Potential borrowers still hoping to get a cut of the PPP pie have been given until August 8th to apply for their initial PPP loan. President Trump signed the “PPP Extension Act” on July 3rd, which consists of the same exact language that passed the Senate on June 30th, mere hours before the window to submit applications for the PPP was set to close.
This article was written to help PPP borrowers and their advisors understand what the rules are today for small business owners, and what guidance is still needed to clarify uncertainties. Over the past few weeks, we have fielded hundreds of questions from small business owners and advisors and and have had thousands attend free webinars on the PPP program. Our next free webinar will be on Wednesday, July 8th at 12:30 p.m. for 30 minutes entitled PPP Forgiveness Basics For Owners and Employees of Small Businesses: Where Are We Now. You can sign up for this by emailing me at email@example.com and putting “end the confusion” in the subject line. If you are an advisor, please feel free to share this article, and our empathy, for you and your clients. This has been a very hard road for those trying to save their businesses while spending money to get forgiveness under rules that have changes just about as fast…and furiously…as a roller coaster at a now shut down amusement park.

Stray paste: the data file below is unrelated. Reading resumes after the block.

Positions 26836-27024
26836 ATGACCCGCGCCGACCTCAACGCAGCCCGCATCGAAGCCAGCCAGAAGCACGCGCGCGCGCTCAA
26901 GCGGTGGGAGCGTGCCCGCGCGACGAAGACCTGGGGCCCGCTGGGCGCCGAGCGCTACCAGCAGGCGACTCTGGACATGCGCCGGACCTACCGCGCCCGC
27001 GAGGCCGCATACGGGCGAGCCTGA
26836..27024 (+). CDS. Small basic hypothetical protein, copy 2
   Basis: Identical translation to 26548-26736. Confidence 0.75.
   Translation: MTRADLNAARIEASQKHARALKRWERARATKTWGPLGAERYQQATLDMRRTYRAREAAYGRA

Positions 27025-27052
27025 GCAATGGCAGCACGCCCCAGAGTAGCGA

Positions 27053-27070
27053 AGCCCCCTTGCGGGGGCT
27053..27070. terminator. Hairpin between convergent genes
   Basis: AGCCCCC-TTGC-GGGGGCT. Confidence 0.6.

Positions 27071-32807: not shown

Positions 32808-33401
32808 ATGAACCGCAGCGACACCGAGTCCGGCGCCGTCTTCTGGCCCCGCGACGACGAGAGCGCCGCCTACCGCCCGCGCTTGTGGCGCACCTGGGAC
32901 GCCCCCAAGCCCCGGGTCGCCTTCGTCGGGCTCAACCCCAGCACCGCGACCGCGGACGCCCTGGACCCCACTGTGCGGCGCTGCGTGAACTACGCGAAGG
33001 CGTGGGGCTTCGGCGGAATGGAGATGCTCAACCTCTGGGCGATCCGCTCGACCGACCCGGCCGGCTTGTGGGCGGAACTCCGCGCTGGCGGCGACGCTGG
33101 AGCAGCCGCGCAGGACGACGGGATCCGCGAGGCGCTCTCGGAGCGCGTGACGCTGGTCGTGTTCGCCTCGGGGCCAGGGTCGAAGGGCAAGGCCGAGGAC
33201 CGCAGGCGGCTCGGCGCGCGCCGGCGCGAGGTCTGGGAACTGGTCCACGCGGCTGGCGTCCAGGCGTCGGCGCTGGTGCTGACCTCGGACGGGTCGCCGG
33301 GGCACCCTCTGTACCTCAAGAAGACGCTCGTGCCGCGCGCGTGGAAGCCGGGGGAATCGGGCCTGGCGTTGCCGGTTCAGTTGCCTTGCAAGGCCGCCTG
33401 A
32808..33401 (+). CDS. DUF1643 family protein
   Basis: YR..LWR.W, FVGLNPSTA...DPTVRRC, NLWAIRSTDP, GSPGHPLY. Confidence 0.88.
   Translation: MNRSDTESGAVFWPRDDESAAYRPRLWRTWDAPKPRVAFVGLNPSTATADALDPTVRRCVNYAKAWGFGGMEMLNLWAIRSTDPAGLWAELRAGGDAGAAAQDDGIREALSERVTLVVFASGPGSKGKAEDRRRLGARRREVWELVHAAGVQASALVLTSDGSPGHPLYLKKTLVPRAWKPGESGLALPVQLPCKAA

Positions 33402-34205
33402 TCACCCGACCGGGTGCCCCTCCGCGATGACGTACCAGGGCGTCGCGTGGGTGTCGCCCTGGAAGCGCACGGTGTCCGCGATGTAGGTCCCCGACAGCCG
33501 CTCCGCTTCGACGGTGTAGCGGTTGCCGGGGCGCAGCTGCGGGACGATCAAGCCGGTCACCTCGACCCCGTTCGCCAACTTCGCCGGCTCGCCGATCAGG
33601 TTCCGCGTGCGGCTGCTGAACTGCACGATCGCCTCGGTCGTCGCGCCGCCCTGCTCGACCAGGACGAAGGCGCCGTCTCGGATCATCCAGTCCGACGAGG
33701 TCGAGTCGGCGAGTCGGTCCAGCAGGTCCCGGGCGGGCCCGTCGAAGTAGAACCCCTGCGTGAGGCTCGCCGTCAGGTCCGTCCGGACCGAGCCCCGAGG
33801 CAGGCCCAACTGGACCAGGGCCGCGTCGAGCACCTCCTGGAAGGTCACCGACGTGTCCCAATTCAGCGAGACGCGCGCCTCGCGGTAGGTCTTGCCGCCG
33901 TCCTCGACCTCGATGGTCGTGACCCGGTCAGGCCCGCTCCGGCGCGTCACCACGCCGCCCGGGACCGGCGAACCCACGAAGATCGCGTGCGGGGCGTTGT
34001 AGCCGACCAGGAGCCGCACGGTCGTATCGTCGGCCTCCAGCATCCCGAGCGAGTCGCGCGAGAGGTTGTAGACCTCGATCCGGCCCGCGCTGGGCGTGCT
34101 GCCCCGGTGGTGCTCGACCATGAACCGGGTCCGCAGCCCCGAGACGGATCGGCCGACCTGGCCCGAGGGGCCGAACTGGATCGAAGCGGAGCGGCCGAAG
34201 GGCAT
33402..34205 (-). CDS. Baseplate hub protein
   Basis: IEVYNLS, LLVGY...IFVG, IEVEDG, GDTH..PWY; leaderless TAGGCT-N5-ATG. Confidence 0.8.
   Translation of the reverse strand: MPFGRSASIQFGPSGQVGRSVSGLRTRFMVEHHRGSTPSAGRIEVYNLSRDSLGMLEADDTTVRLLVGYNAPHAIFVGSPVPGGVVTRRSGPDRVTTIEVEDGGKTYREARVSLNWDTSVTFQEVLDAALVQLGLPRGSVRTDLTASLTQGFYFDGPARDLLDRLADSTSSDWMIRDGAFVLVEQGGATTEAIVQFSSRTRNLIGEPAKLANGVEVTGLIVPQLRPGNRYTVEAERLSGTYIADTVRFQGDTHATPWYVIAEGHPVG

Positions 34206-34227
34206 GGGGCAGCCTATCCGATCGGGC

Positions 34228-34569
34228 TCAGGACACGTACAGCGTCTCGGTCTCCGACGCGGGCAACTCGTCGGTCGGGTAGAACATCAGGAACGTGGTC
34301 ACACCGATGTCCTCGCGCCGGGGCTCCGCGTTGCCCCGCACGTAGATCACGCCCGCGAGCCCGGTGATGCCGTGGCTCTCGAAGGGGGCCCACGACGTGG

Special thanks to Brandon Ketron, J.D., CPA, LL.M., who works for me and is the real brains behind our law firm’s ability to help with these questions, and Kevin Cameron, CPA, who has created a spreadsheet that Brandon and I have helped to improve that is being used by hundreds of CPAs and thousands of borrowers to track and navigate forgiveness. Free videos on how spreadsheeting forgiveness works can be found at the following links, (4 minute video) and (47 minute video). The AICPA also has a spreadsheet that is free for its members, and can be found on its website.